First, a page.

extended to me, that I could render the Friends “Many may call Friends' principles, or some all the assistance they may want. of them, of little consequence, and small things. Thou wilt conclude, from what I have said, But the small things, when despised, open the that I shall have to accompany the Friends way for the greater: and so, by degrees, little by through Norway and Sweden, and so far as I can little, until the mind becomes so darkened, that see my way to go. A vessel is engaged, lying at all this will be called “nothing.' Thus are poor Harwich, to take us to Stavanger, and to stop creatures deceived! And as the love of infinite there a few days, and thence to Christiansand; wisdom is, in a great degree, afresh extended to from which we intend to travel by land to Chrislead back again such poor mortals, yet the cross tiania. From thence it is thought to go to will be greater than before, and more difficult to Gottenburgh and Stockholm, in order to cross bear. Oh! how I often sigh under a sense of the Gulf of Bothnia, then travel to Petersweakness. How difficult it is to stand on the burgh. right ground, when no support can be felt. Oh! “ Thus, dear friend, I have given thee a short I do feel the necessity of drawing near to Him statement of our intended voyage; and I have

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no doubt that Providence will be pleased to make Our friends, however, took care in private conthings comfortable for the Friends. We are versation to let it appear, that their address conmaking ready to start the 6th of next month.

tained an uncompromising condemnation of slave“ Thy affectionate friend,

ry, as well as of the traffic. “Enoch JACOBSEN."

The following extract affords a glimpse of the

state of religion among the people of Rio JaA VISIT TO BRAZIL.

neiro : Narrative of a recent Visit to Brazil, Candler and Wilson Burgess : to present an

“ As we were walking in the “Rua direitta,' address on the Slave Trade and Ślavery, is a Brazilian gentleman accosted us in imperfect suert by the religious Society of Friends. English, informing us that he had been in Eng

land and knew that we were Quakers. They An extract from this pamphlet relating to the ask me,' he continued, who you are ; I tell

I geography and government of Brazil, was intro- them Quakers, Friends very good people. I duced into the 46th number of our preceding knew a Quaker in London (William Allen) a Foluwe. The object of the visit as indicated by very good man indeed.'. Finding him disposed the title, was not then mentioned. As the voy- the way to the National Library,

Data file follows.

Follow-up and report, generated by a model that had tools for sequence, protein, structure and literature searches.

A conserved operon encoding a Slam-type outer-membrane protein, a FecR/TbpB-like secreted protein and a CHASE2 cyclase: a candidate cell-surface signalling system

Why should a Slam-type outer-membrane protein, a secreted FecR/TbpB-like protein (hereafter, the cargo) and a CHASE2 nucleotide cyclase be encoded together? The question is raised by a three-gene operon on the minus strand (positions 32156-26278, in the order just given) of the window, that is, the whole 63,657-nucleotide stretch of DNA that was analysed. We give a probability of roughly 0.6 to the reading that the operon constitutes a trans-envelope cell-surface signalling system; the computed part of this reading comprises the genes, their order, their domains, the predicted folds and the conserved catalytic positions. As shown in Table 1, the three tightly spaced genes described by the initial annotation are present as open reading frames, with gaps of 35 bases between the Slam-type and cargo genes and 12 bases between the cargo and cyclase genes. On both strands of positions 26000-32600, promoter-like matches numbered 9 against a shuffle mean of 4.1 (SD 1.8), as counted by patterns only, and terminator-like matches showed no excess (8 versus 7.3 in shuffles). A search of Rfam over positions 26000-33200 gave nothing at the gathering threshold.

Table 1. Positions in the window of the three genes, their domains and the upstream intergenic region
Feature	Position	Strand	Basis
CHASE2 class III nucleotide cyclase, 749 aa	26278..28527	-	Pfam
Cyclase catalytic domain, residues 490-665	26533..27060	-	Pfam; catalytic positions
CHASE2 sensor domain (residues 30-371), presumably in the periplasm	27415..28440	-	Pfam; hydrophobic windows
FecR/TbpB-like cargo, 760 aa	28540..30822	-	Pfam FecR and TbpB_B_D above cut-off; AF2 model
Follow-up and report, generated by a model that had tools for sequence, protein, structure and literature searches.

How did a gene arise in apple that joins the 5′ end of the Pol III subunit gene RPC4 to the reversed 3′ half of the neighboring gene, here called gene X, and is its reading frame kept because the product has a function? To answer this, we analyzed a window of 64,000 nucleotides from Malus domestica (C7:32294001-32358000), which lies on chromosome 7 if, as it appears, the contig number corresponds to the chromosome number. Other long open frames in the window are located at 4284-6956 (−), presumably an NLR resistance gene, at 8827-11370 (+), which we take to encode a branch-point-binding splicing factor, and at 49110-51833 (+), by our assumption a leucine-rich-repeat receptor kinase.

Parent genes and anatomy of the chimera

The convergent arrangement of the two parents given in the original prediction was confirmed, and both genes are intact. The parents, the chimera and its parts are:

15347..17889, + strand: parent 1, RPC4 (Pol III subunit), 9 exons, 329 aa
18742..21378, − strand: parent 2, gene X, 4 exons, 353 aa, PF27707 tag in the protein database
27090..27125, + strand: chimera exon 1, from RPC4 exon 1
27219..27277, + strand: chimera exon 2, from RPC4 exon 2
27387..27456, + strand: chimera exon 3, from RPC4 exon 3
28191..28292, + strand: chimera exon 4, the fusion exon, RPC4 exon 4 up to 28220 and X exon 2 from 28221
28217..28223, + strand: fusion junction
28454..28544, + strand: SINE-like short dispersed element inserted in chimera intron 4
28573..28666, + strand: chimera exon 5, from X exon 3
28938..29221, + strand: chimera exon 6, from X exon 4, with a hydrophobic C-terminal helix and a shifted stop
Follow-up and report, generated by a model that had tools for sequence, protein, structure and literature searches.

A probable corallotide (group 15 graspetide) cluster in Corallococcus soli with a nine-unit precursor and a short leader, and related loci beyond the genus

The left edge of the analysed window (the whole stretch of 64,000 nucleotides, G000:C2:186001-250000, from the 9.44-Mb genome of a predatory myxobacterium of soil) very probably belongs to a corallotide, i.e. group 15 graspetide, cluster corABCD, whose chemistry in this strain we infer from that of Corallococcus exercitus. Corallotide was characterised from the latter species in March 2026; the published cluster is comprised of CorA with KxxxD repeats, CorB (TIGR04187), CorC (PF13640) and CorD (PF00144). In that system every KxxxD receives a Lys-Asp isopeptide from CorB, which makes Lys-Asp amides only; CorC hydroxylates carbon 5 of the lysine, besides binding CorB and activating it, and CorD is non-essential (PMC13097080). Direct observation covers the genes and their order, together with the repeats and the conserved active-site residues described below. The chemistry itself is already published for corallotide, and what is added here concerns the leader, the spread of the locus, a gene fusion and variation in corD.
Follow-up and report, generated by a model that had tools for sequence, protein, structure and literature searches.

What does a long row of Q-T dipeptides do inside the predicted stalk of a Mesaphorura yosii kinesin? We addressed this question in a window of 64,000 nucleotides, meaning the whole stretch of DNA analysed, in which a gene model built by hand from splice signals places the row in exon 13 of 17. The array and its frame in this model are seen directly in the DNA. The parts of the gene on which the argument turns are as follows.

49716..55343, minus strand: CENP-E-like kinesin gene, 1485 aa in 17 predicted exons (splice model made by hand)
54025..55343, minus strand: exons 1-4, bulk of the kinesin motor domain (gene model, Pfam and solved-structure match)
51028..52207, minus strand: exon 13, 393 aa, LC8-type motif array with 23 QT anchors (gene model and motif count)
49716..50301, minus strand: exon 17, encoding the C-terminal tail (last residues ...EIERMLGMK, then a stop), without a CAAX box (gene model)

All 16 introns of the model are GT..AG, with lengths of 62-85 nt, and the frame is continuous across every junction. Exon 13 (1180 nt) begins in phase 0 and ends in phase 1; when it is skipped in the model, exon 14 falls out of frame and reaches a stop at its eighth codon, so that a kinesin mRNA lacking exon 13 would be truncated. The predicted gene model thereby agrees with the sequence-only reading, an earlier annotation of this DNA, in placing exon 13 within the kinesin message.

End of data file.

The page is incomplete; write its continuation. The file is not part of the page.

to be familiar, we told him that we were seeking age described in the narrative was one of phi- with you," he said. Taking us by the arm he lanthropy, with particular reference to slavery conducted us to a narrow paved court-way which and the slave trade, it is supposed that some fur- we had just avoided. A Roman Catholic church, ther extracts may prove acceptable to many read- in which high mass was performing, opened by ers of the Review.

its principal entrance into the court, and a num

ber of persons stood bare-headed before the The voyagers arrived at Rio Janeiro, on the

doors. We requested him not to take us that 9th of 10th month, 1852, and the officer who way, as we could not take off our hats in honor cleared their baggage, upon reading their letter of the service, and we desired not to give offence. of introduction, remarked:

• Never mind,' was his rejoinder, leave that to

On coming to the people, he took off his “I am glad of your mission: I have been

own hat, and as we passed through them, he said, striving with others these 20 years to put down "These are my friends, you must give dispensathe slave trade; we cannot go as far as you do tion;' and we were suffered to go on without in regard to slavery; our circumstances forbid it; molestation. Such dispensation is not permitted

; but I will do what I can to help you.

in Portugal. The truth is that in Brazil, though

. It was observed that the authorities of Brazil a strictly Roman Catholic country, in which no were desirous of having it understood that the natives are protestants, there is a large amount address with which our friends were charged, of religious as well as of civil liberty. English had relation to the slave trade, and not to sla- and American protestants are allowed to build very. Having applied to the Secretary of For- places of public worship so long as the exterior